In this review, we set to explore the effect of working alliance on depression and anxiety in young people aged 14 to 24 years. Overall, a greater working alliance is associated with improvements in depression and anxiety, as previously shown in reviews focusing exclusively on adults [1, 2, 5, 34].
Although there is universal agreement on the importance of a functional WA, the exact mechanism by which a working alliance optimises reductions in anxiety and depression is currently unknown . It is theorised by both patients and therapists that improvements in the working alliance are associated with improvements in interpersonal relationships, self-esteem, positive coping strategies, optimism, adherence to treatment protocols, and emotional regulation [1, 2, 5, 15, 27, 37]. Improvements in negative psychosocial indices and treatment processes/factors attenuate anxiety and depression symptoms. Consequently, improved mental health can positively influence WA creating a positive feedback loop [1, 2, 5]. However, some studies did not find an association between working alliance and depression and anxiety . In recent research into psychotherapy with adults, there have been attempts to use advanced statistical modelling techniques to understand the WA clinical outcome relationship . However, heterogeneity in methodologies makes it difficult to conceptualise and model the association between WA and anxiety and depression [1, 2, 5]. For instance, in a systematic review by Baier et al. (2020), most studies retrieved (26/37) demonstrated that WA is a mediator to change. However, reverse causality and mediation by a third confounding variable could not be ruled out [1, 5].
Salient WA element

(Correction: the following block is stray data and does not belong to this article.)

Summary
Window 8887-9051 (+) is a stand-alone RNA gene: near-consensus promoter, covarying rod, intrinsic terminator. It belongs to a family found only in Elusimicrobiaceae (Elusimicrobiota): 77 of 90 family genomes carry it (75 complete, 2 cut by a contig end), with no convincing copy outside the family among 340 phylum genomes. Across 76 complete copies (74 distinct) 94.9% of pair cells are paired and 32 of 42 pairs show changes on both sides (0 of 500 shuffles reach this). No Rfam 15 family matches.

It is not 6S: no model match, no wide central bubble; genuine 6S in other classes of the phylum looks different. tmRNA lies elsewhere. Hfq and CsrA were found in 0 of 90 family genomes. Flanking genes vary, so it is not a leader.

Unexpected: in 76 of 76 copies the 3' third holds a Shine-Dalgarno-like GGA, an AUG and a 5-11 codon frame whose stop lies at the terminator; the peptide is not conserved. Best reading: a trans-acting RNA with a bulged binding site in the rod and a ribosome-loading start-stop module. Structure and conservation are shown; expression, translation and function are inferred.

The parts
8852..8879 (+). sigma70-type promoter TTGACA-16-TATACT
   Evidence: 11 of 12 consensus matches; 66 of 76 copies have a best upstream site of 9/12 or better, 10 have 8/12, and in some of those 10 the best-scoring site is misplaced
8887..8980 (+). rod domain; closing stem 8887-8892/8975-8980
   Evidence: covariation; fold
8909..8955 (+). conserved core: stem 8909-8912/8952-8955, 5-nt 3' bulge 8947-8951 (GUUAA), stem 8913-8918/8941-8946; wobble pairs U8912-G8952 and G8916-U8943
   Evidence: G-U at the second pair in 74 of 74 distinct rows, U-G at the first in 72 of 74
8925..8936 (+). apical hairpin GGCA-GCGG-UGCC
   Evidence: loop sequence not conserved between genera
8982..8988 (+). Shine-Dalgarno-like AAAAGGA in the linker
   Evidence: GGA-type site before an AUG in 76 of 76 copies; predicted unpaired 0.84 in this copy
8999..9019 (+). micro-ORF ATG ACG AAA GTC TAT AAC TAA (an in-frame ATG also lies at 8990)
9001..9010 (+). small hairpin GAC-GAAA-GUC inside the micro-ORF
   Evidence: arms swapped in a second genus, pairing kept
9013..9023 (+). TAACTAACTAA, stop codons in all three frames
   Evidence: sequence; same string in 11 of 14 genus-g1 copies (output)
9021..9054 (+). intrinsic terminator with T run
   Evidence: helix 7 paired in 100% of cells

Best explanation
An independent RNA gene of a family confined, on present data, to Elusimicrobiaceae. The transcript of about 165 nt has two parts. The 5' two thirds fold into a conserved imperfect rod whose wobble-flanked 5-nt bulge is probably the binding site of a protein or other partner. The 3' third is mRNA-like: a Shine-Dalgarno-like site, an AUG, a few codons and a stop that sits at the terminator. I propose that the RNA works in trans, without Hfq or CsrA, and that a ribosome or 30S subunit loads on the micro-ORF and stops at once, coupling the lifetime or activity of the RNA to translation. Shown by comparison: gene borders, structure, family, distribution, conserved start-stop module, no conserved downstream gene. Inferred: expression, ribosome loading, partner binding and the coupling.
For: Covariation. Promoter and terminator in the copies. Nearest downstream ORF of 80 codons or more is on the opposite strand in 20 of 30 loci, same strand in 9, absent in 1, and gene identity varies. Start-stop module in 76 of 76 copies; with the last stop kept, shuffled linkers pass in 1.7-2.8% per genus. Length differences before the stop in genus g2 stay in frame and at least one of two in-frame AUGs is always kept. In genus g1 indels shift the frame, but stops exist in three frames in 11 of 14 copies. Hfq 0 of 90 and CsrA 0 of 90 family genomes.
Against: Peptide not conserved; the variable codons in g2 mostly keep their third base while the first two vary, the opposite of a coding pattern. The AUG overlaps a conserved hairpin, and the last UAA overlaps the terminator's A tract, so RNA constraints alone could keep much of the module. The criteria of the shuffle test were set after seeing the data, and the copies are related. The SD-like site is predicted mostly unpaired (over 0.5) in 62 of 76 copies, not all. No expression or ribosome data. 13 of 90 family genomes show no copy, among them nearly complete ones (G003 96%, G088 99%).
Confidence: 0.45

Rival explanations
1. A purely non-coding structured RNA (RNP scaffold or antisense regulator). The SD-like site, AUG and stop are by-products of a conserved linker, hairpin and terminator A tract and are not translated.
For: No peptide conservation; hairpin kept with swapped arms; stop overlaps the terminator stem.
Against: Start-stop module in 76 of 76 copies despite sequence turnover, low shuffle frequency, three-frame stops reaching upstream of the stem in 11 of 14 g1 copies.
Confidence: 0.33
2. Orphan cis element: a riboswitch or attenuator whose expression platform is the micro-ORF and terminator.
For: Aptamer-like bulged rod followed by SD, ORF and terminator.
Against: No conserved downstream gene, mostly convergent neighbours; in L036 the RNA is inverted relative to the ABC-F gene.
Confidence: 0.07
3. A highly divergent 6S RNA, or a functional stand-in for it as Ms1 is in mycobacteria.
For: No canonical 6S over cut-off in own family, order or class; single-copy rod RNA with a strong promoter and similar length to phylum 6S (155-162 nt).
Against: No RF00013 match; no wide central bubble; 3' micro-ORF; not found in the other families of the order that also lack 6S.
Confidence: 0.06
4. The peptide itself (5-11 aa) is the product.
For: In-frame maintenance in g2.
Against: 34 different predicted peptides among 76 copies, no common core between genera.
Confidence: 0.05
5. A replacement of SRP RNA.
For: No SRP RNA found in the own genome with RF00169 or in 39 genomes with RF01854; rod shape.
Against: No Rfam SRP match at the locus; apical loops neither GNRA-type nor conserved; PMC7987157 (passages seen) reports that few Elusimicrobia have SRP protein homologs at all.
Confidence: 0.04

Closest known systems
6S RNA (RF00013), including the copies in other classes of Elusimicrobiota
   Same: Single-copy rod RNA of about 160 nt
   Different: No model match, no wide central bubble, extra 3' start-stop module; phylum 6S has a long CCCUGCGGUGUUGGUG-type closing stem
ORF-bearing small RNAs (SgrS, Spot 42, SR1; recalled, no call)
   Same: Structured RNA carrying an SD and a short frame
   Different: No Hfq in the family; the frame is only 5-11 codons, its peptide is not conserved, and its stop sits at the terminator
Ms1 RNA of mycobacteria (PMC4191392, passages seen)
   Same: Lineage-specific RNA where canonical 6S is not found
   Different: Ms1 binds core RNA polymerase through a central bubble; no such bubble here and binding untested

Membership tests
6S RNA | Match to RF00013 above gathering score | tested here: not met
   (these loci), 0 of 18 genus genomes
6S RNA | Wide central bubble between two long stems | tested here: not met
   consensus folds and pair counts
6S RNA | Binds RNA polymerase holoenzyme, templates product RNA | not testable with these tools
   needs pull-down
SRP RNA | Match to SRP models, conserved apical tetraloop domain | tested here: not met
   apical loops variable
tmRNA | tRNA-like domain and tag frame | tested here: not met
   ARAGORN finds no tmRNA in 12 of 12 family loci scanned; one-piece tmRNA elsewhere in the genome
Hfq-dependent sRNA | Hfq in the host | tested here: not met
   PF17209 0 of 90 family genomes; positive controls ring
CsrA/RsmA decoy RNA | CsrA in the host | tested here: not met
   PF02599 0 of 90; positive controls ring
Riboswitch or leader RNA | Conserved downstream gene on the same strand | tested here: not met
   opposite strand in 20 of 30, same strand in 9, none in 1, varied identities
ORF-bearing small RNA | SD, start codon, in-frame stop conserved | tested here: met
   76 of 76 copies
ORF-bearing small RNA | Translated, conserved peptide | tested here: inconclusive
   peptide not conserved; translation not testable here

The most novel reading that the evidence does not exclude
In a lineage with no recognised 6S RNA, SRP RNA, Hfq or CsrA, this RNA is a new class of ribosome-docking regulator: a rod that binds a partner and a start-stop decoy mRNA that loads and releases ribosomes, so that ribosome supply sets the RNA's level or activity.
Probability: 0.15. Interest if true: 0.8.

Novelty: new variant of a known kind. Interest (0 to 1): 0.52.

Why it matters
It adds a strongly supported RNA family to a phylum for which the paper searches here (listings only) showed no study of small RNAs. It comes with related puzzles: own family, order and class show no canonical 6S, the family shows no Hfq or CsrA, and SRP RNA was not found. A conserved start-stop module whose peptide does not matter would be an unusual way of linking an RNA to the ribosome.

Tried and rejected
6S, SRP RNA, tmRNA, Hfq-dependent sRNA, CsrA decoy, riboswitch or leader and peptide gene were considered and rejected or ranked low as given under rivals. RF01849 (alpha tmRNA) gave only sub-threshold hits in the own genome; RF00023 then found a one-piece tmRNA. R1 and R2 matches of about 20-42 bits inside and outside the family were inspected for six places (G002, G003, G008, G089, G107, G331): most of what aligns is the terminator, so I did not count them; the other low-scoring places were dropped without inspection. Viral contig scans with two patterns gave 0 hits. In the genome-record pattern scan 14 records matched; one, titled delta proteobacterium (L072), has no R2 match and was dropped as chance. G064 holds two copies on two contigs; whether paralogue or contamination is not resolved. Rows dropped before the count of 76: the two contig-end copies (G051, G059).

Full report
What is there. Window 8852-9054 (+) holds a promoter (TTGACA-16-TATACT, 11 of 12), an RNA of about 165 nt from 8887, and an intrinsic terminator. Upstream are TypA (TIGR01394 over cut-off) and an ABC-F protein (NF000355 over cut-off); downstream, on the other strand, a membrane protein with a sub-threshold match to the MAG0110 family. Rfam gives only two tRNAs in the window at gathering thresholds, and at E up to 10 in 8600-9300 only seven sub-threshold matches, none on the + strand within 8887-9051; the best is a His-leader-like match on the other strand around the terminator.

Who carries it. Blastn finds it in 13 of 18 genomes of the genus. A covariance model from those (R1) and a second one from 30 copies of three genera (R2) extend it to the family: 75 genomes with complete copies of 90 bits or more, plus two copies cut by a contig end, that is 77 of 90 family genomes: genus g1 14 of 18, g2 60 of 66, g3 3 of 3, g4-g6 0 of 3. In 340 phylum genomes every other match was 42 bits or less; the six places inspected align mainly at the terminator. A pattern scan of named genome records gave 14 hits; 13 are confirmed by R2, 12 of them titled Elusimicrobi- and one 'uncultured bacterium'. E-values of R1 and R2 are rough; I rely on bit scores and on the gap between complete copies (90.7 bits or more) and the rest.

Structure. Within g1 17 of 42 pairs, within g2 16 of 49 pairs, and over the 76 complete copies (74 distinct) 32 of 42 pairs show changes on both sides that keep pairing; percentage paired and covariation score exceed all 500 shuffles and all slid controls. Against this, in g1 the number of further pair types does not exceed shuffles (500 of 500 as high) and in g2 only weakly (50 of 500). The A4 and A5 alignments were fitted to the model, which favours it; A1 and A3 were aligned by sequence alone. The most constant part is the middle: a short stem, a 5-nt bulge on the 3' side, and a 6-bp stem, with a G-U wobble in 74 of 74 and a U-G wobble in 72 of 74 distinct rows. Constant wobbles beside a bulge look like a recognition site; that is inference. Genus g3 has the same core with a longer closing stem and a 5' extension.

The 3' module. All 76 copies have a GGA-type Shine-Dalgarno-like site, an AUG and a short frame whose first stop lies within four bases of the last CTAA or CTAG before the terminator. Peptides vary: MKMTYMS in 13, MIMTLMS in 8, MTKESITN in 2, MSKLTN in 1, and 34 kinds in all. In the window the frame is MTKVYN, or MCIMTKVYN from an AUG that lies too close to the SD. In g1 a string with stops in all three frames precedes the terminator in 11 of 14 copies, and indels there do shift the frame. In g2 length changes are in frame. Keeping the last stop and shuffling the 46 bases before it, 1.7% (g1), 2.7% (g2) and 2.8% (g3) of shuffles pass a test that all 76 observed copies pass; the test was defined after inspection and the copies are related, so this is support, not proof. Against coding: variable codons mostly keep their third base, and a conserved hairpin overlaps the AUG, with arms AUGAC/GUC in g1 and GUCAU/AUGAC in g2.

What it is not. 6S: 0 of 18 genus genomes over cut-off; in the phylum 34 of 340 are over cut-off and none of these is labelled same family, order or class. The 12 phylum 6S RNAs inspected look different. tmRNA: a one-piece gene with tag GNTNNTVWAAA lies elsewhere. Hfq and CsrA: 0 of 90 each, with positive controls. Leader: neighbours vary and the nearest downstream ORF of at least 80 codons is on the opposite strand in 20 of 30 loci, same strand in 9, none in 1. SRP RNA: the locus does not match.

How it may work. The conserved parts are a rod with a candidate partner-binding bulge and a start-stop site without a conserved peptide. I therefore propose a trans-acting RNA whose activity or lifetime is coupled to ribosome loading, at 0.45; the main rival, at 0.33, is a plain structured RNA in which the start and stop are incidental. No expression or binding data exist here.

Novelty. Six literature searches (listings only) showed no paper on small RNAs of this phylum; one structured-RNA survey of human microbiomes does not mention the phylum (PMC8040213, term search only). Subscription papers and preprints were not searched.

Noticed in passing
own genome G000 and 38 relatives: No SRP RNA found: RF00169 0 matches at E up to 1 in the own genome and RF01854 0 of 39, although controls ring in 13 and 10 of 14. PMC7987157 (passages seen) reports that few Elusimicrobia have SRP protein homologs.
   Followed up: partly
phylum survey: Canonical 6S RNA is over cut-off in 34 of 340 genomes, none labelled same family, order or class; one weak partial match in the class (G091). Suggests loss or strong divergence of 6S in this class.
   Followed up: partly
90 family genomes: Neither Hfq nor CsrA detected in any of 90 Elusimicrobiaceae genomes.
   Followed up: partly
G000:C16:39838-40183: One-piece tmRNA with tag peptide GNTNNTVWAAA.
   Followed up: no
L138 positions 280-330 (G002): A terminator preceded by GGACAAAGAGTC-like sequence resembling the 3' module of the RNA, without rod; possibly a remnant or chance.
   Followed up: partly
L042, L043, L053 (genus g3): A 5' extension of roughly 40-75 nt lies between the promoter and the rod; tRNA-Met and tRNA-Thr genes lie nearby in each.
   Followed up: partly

Improvements in bond and tasks were associated with improvements in interpersonal functioning [25, 35]. CMDs are sometimes associated with relationship problems; therefore, establishing a bond with the therapists can affect the client's social life . It is generally suggested that early WA is essential in the early stages of the therapeutic process; early bonding between the client-therapist is likely to improve the client's agreement on the task and subsequent adherence to treatment procedures by the client, which ultimately improves treatment outcomes . A functional WA improves the client's confidence and self-efficacy in building interpersonal relationships . Therapy sessions are the bedrock of social exposures and a source of social support that optimise clients' relational functioning . More critical, pre-treatment characteristics, including motivation, hope for change, and expectancy in therapy effectiveness, are precursors to forming a functional WA, which leads to improvements in clinical outcomes . Sentiments of our stakeholders' consultations support this proposition. One respondent said, "…I really had faith in my counsellor, they were very welcoming, and this increased my confidence in the treatment process….". In CBT, enhancing a client's ability to agree on tasks and assignments, including eliciting emotional engagement during therapy, is essential for forging a functional WA. However, despite forming a WA during sessions, if clients are not provided with coping skills, the mediation of WA in symptomatic relief is attenuated [2, 34].